Many thanks to John D. Wagner for the review copy.
John D. Wagner has edited and republished another classic and yet little known work on the freedom of the will by Methodist Daniel D. Whedon (1808-1885). It is extremely significant as the discussion over the freedom of the will has intensified greatly with the resurgence of Calvinism in mainstream Christianity. Many Calvinists today still point to the classic book by Jonathan Edwards (The Freedom of the Will) as an irrefutable work firmly establishing the Calvinist doctrine of necessity and compatibilism. Whedon brilliantly takes on the arguments of Edwards and his contemporaries in this excellent refutation of the “necessitarian” position.
Whedon covers every significant argument of Edwards and other “necessitarians” in this book and dismantles them piece by piece. He points out that many of the necessitarian arguments amount to question begging, bare assertions, or intricate sophisms, often riddled with embarrassing contradictions and absurdities. He explains that there simply aren’t any sufficient arguments against the possibility of a single causative power in the agent capable of producing a variety of effects (volitions). He refers to this as “alternative power” in the Will and demonstrates that it is itself a full and adequate cause needing nothing else to put forth one effect just as well as another (alternative effect). In other words, nothing causes the Will to act a certain way since the Will is itself a full and adequate cause. He would classify Edwards’ view of the Will as “unipotent” while calling his own view “pluripotent” (in contemporary discussions Whedon would be considered a “wide source incompatibilist”)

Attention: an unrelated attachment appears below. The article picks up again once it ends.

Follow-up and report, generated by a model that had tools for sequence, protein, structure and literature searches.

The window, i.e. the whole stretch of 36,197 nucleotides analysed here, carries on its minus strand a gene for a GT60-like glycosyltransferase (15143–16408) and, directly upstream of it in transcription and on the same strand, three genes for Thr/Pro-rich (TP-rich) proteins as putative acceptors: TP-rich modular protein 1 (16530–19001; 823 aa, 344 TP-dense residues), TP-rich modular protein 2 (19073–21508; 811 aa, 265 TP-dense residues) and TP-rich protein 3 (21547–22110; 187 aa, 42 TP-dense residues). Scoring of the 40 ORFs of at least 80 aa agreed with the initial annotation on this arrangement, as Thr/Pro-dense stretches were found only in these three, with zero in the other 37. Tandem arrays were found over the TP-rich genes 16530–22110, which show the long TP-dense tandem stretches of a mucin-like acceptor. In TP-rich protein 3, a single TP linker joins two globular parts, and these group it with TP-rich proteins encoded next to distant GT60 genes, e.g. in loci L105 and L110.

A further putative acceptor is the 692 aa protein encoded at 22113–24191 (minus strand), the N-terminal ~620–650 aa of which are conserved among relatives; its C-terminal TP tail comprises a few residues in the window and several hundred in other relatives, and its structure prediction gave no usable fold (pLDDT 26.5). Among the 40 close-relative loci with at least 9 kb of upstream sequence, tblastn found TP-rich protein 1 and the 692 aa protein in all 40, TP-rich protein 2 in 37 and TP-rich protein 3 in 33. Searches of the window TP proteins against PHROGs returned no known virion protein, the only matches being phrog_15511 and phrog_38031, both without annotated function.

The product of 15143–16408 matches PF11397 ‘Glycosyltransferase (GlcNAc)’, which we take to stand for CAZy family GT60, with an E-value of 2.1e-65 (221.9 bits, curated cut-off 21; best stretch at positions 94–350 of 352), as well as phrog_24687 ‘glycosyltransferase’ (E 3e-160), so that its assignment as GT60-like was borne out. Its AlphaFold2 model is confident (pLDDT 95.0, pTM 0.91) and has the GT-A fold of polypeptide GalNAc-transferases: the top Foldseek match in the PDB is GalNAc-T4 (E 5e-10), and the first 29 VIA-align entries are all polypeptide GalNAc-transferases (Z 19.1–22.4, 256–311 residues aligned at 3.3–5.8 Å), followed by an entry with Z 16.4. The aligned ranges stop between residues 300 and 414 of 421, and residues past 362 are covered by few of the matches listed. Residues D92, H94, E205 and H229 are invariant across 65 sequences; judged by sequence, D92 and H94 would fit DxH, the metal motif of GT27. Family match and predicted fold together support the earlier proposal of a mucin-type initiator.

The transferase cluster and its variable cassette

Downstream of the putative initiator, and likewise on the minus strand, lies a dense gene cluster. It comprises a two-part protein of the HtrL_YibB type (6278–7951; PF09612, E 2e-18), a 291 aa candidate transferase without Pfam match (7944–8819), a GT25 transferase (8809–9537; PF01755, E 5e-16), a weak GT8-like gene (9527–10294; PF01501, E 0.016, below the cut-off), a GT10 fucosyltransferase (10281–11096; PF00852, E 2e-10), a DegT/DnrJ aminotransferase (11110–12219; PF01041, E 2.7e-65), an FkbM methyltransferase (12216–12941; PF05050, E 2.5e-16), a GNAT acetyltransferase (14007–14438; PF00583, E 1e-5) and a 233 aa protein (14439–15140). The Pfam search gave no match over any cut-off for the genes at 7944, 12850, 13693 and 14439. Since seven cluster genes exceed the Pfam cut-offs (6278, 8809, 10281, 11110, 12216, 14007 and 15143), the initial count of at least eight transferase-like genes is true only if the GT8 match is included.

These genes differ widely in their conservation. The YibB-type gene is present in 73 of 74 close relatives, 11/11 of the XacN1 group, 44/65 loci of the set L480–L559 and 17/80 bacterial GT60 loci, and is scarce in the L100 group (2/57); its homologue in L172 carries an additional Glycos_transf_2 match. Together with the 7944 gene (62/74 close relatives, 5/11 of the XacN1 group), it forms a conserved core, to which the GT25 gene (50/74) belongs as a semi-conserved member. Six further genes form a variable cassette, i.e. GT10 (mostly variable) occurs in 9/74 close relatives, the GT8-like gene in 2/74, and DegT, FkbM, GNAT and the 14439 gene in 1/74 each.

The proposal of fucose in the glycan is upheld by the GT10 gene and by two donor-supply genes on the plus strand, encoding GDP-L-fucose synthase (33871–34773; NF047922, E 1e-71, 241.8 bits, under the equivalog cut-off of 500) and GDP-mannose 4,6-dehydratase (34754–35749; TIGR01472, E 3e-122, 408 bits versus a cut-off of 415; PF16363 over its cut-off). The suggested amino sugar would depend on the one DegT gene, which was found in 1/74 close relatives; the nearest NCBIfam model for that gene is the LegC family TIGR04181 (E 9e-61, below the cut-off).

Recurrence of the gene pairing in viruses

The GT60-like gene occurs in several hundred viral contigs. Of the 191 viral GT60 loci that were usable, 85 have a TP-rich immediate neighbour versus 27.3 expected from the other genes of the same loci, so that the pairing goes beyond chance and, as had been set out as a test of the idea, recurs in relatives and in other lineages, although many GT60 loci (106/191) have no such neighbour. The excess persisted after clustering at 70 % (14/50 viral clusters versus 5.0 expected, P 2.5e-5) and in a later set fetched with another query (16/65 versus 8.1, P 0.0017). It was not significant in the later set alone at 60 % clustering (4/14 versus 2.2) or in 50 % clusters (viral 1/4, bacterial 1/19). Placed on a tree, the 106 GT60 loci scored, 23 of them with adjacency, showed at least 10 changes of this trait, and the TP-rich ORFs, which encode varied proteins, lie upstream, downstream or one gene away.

He effectively takes on Edwards’ argument from motive force; his argument based on natural versus moral ability; his argument based on foreknowledge; his argument based on a so called infinite series (or infinite regress); his argument based on chance, and numerous others. It is my opinion that Whedon’s section “Reconciliation of Free Agency and Foreknowledge” definitively demonstrates the compatibility of foreknowledge with libertarian free will. It should be read and carefully considered by Calvinists and Open Theists alike (who both deny that foreknowledge is compatible with free will).
But Whedon is mostly concerned with the troubling and unavoidable implications of Edwards’ necessitarianism: the impossibility of a just moral government and the damage done to God’s holy character. It would be as unjust and absurd for God to hold a necessitated being morally responsible for his volitions and actions as it would to hold a clock hammer responsible for its movements. In the end, Whedon concludes that necessitarianism is in no way compatible with the freedom necessary for upholding a just moral government and providing the conditions for an adequate theodicy:
From all this, there results the conclusion that without free volition there can be no justice, no satisfying the moral sense, no retributive system, no moral Government, of which the creature can be the rightful subject, and no God, the righteous Administrator…If there is a true divine government, man is a non-necessitated moral agent. (352)
At times the book presents very tough reading. Whedon is a very careful philosopher and takes great pains to develop his arguments and carefully define his terms in order to dispatch with the ambiguity that often clouds the topic and makes debating the subject nearly impossible. At times a single paragraph may need to be read several times in order to gather its full import, but the patient reader will be richly rewarded. I intend to read it several times and will no doubt gain valuable insight with each additional reading. If this is a topic of interest for you or if you have come to believe that Edwards’ work on the Will is irrefutable, then this book is a must read. Read it alongside Edwards’ work and decide for yourself who better makes their case. I cannot recommend this book highly enough.
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